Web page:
WASHINGTON – The Pentagon has reneged on its offer to pay a $15,000 bonus to members of the National Guard and Army Reserve who agree to extend their enlistments by six years, according to Sen. Patty Murray (D-Seattle).I love to tee off on the Bushies as much as the next guy--especially when they're screwing soldiers (which they do...a lot)--but this one isn't really their fault. You see, Atrios's ellipses leave out a very important paragraph, though I doubt he knew it.
A Pentagon spokeswoman, Lt. Col. Ellen Krenke, confirmed the bonuses had been canceled, saying they violated Pentagon policies because they duplicated other programs. She said Guard and Reserve members would be eligible for other bonuses.
The bonuses were offered in January to Active Guard and Reserve and military technician soldiers who were serving overseas. In April, the Office of the Secretary of Defense for Reserve Affairs ordered the bonuses stopped, Murray said.This is um, just wrong. See, the bonuses were never supposed to be offered* to AGRs and technicians. Bonuses are for the "one weekend a month, two weeks a year" soldiers, known in the guard as "M-day" soldiers. AGRs and technicians have full-time jobs in the Guard in which the pay is based on either the active-duty military scale or the GS government pay scale, respectively. Why, honestly, would you need to pay those soldiers a $15,000 bonus when they'll re-enlist because they have to in order to keep their jobs?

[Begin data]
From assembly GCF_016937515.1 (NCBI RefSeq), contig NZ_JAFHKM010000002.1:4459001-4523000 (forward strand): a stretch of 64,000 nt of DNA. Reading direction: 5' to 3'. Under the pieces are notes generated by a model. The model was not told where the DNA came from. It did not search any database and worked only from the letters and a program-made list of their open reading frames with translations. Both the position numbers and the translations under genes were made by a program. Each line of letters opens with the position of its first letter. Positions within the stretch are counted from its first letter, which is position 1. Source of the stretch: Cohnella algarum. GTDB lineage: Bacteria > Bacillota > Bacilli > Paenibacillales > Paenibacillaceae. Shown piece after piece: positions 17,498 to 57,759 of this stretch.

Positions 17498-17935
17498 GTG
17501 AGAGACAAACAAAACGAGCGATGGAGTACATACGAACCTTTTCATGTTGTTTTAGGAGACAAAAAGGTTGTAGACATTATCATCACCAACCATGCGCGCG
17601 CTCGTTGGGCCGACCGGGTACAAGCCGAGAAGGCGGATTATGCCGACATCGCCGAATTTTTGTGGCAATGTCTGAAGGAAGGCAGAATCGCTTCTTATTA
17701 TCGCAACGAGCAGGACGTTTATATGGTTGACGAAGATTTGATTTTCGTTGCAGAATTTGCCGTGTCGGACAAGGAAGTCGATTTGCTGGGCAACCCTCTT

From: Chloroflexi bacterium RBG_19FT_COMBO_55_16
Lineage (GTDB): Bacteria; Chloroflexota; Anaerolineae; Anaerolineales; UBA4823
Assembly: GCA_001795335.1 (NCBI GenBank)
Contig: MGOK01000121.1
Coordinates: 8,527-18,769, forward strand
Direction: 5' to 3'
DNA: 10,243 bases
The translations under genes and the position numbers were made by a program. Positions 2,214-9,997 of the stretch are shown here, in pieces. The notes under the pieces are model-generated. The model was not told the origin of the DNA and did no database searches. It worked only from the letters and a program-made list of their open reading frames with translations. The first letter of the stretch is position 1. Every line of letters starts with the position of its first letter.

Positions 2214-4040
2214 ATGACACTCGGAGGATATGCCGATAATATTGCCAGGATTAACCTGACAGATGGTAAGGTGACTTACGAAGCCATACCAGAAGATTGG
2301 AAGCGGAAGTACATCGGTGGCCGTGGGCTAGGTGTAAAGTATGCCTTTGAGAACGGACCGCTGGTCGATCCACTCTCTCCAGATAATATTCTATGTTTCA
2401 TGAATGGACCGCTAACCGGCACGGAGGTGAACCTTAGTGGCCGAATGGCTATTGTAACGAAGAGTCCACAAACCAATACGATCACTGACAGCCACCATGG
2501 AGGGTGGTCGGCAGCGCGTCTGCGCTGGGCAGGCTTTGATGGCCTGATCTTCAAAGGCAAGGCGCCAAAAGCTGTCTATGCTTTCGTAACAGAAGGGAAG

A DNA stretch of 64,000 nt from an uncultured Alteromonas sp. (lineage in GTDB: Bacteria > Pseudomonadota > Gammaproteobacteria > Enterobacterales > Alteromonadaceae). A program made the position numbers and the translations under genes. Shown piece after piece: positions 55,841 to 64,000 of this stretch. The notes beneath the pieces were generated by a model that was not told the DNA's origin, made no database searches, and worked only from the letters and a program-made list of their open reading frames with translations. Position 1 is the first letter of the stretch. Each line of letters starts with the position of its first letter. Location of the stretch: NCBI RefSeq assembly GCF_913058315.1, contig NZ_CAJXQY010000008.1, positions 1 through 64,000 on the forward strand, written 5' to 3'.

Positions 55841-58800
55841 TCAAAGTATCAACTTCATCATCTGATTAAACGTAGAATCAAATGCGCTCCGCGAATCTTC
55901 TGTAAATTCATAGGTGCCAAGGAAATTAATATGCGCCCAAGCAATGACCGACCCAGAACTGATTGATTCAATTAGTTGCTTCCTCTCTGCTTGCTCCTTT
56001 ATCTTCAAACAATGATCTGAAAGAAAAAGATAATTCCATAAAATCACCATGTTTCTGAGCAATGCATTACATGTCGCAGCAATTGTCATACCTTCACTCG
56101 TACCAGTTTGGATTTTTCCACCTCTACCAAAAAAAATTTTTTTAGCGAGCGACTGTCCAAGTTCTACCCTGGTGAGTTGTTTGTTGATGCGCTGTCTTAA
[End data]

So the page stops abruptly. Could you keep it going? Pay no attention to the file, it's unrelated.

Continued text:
I hate when journalists who don't understand the intricacies of the military get people worked up over b.s.
Update: I received an e-mail that asked why active duty soldiers would get bonuses if AGRs and techs don't. It's simple. AGRs and technicians are full-timers for a state. Active duty soldiers are usually forced to transfer to a different unit every few years with very little choice (if any) in where they're going. AGRs and technicians can have relatively normal lives, staying in the same community their entire careers if they so choose. In fact, a large number of AGR positions are in non-deployable sections of state headquarters, too, meaning that, unless specifically tasked out for one reason or another, they can most often avoid deployments.
*The original post said the bonuses were never offered to AGRs and techs. This, obviously, is not the case. What I meant to say is that the regulations never officially allowed them to be offered to those soldiers. In other words, some retention NCO screwed the pooch on this one.